In recent years, significant progress in understanding the physics of carbon nanotube electronic devices and in identifying potential applications has occurred. In a nanotube, low bias transport can be nearly ballistic across distances of several hundred nanometers. Deposition of high-κ gate...

  8. A Three-Dimensional Quantum Simulation of Silicon Nanowire Transistors with the Effective-Mass Approximation

    30 Oct 2006 | | Contributor(s):: , POLIZZI ERIC, Mark Lundstrom

    The silicon nanowire transistor (SNWT) is a promising device structure for future integrated circuits, and simulations will be important for understanding its device physics and assessing its ultimate performance limits. In this work, we present a three-dimensional quantum mechanical simulation...

  9. ECE 612 Lecture 20: MOSFET Leakage

    18 Oct 2006 | | Contributor(s):: Mark Lundstrom

  10. Electrical Resistance: an Atomistic View

    26 Oct 2006 | | Contributor(s):: Supriyo Datta

    This tutorial article presents a “bottom-up” view of electrical resistance starting from something really small, like a molecule, and then discussing the issues that arise as we move to bigger conductors. Remark ably enough, no serious quantum mechanics is needed to understand electrical...

  11. Nanoscale MOSFETs: Physics, Simulation and Design

    26 Oct 2006 |

    This thesis discusses device physics, modeling and design issues of nanoscale transistors at the quantum level. The principle topics addressed in this report are 1) an implementation of appropriate physics and methodology in device modeling, 2) development of a new TCAD (technology computer...

  12. Nanoelectronics 101

    28 Aug 2006 | | Contributor(s):: Mark Lundstrom

    Semiconductor device technology has transformed our world with supercomputers, personal computers, cell phones, ipods, and much more that we now take for granted. Moore's Law, posited by Intel co-founder Gordon Moore in 1965, states that the number of transistors (the basic building blocks of...

  13. Process Lab:Oxidation

    09 Oct 2006 | | Contributor(s):: Shuqing (Victor) Cao, yang liu, Peter Griffin

    Integrated Circuit Fabrication Process Simulation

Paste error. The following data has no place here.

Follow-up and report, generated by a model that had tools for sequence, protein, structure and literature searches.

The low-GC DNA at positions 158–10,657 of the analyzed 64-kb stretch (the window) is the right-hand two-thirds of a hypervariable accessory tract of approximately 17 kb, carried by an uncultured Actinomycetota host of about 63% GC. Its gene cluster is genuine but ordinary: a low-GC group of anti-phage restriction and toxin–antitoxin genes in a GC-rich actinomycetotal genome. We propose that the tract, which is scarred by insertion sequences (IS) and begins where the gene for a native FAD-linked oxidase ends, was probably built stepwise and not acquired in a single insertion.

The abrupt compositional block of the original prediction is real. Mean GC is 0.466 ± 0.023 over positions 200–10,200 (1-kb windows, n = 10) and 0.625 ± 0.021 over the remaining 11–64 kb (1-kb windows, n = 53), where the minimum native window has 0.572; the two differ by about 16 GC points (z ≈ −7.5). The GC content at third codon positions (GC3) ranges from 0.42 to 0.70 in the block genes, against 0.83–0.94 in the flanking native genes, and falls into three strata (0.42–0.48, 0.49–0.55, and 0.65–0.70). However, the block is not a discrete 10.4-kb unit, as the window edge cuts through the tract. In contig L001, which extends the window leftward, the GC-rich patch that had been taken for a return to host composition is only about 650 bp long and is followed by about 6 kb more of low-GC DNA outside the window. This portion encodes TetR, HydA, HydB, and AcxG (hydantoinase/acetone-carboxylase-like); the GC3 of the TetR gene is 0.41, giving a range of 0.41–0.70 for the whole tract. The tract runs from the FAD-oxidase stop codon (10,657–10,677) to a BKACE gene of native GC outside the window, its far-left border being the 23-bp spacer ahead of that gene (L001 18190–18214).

14. Process Lab: Oxidation Flux

    09 Oct 2006 | | Contributor(s):: Shuqing (Victor) Cao, yang liu, Peter Griffin

    This module simulates the oxidation flux.

  15. Modeling of Nanoscale Devices

    19 Oct 2006 | | Contributor(s):: M. P. Anantram, Mark Lundstrom, Dmitri Nikonov

    We aim to provide engineers with an introductionto the nonequilibriumGreen’s function (NEGF) approach, which is a powerful conceptual tool and a practical analysismethod to treat nanoscale electronic devices with quantum mechanicaland atomistic effects. We first review the basis for the...

  16. A Quantum Mechanical Analysis of Channel Access Geometry and Series Resistance in Nanoscale Transistors

    19 Oct 2006 | | Contributor(s):: Ramesh Venugopal, Sebastien Goasguen, Supriyo Datta, Mark Lundstrom

    In this paper, we apply a two-dimensional quantum mechanical simulation scheme to study the effect of channel access geometries on device performance. This simulation scheme solves the non-equilibrium Green’s function equations self-consistently with Poisson’s equation and treats the effect of...

  17. A Primer on Quantum Computing

    18 Oct 2006 | | Contributor(s):: David D. Nolte

    Quantum computers would represent an exponential increase in computing power...if they can be built. This tutorial describes the theoretical background to quantum computing, its potential for several specific applications, and the demanding challenges facing practical implementation. The field...

  18. ECE 612 Lecture 19: Series Resistance

    17 Oct 2006 | | Contributor(s):: Mark Lundstrom

  19. ECE 612 Lecture 18: VT Engineering

    17 Oct 2006 | | Contributor(s):: Mark Lundstrom

  20. ECE 612 Lecture 17: Device Scaling

    17 Oct 2006 | | Contributor(s):: Mark Lundstrom